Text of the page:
Season 4 Episode 17

The Art of Deception

Aired Monday 9:00 PM Jan 25, 2010 on NBC

Episode Fan Reviews (18)

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  • 'The Art of Deception' benefits greatly from its distinct concentration on the Carnival storyline.

    'The Art of Deception' benefits greatly from its distinct concentration on the Carnival storyline. Finally, the writers offer some substantial progression and hint towards our final destination as the season draws to a close. The sequences involving Claire, Samuel and HRG are all very well executed, exhibiting just the right level of tension to keep everyone on the edge of their seat. The scenes are well structured too, with the decision to counterpoint father and daughter proving decidedly interesting. It's certainly refreshing to see Claire taking charge and actually doing something with the information she's been given; it's never exactly clear how all of this will play out, and the level of uncertainty ensures that intrigue levels remain high. Furthermore, Lydia's death comes as a genuine surprise, the first that Heroes has really managed in a long time. Thankfully, we don't spend an entire episode learning about her past just so that we can 'care' when she's murdered. Instead, she becomes an unfortunate victim which, frankly, is far more believable. This all feels like the right pay-off for her character and it works well to cement Samuel's new-found sinisterness. Robert Knepper is clearly having the time of his life with his duplicitous role, relishing every twist and turn in the dialogue and out-performing just about everyone in his goodbye scene with Tattoo Girl. Of course, it is rather questionable whether the whole Carnival would rather believe the mass-murdering lunatic who'd just laid waste to an entire town than the sane college gal, but what the hey, we get some nice gore to help us forget about these pesky details.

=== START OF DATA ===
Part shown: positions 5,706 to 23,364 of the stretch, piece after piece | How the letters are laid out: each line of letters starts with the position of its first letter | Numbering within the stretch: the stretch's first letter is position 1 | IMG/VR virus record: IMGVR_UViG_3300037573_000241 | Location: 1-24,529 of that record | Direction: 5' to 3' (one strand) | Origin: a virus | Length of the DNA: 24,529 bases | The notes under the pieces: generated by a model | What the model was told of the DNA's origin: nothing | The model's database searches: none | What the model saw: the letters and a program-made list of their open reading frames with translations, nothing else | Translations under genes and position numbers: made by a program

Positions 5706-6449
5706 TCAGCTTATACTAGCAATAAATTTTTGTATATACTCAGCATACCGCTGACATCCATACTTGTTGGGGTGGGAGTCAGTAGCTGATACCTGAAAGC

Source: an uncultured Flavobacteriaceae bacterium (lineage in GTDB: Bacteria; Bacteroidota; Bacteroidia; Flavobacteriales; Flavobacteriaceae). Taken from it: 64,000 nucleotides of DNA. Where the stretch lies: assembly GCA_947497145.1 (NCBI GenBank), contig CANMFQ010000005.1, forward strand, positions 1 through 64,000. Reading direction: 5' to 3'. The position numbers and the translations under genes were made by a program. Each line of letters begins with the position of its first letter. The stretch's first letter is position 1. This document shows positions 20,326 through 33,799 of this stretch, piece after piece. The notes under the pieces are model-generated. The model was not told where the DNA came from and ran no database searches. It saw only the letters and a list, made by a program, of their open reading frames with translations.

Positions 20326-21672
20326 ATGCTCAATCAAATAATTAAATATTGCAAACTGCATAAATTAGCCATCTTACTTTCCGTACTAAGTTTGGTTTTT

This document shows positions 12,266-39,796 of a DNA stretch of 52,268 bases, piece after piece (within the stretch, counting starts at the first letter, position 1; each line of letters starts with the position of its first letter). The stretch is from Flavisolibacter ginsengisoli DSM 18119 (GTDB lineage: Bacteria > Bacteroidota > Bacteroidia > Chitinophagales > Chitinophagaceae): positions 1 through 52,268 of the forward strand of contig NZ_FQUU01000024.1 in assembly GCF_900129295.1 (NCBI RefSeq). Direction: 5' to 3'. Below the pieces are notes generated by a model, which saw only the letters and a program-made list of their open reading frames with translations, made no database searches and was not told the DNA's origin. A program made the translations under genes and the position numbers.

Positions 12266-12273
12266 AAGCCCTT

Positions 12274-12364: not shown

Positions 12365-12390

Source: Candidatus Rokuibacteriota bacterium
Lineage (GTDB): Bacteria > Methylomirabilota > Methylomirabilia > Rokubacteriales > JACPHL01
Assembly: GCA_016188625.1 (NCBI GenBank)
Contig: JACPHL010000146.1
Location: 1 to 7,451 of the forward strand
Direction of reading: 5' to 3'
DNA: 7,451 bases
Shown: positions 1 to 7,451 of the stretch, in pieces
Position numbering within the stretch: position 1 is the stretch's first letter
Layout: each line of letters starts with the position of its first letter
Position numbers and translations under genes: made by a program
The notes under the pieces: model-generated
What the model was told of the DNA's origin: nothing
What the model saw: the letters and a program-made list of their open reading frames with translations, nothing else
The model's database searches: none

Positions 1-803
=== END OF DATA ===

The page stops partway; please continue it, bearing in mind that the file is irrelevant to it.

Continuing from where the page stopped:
Elsewhere, Emma's storyline continues to intrigue. This really is a great place to go with the character, and the question mark that now hangs over her allegiances and future role gives the story an extra shot of pizazz. The Matt/Sylar narrative is at least remotely interesting too, Grunberg and Quinto reminding us all that they were the reason that we all tuned in during the early days of season four. It's a shame that Matt's bold moves seem a little sudden and extreme, even for this poor tortured soul. And what's more, any metaphorical closure or development that may have been granted to Sylar is rendered moot by Peter showing up ten minutes later to reverse pretty much everything that the story's worked towards in the past forty minutes. Heroes hasn't been quite as guilty of wheeling out the old 'bait and switch' this season but sadly, this is exactly the sort of thing that hindered the show last year. Still, on the whole, this is certainly one of the better offerings of the season, feeling far better paced and much more coherent than a great many episodes.
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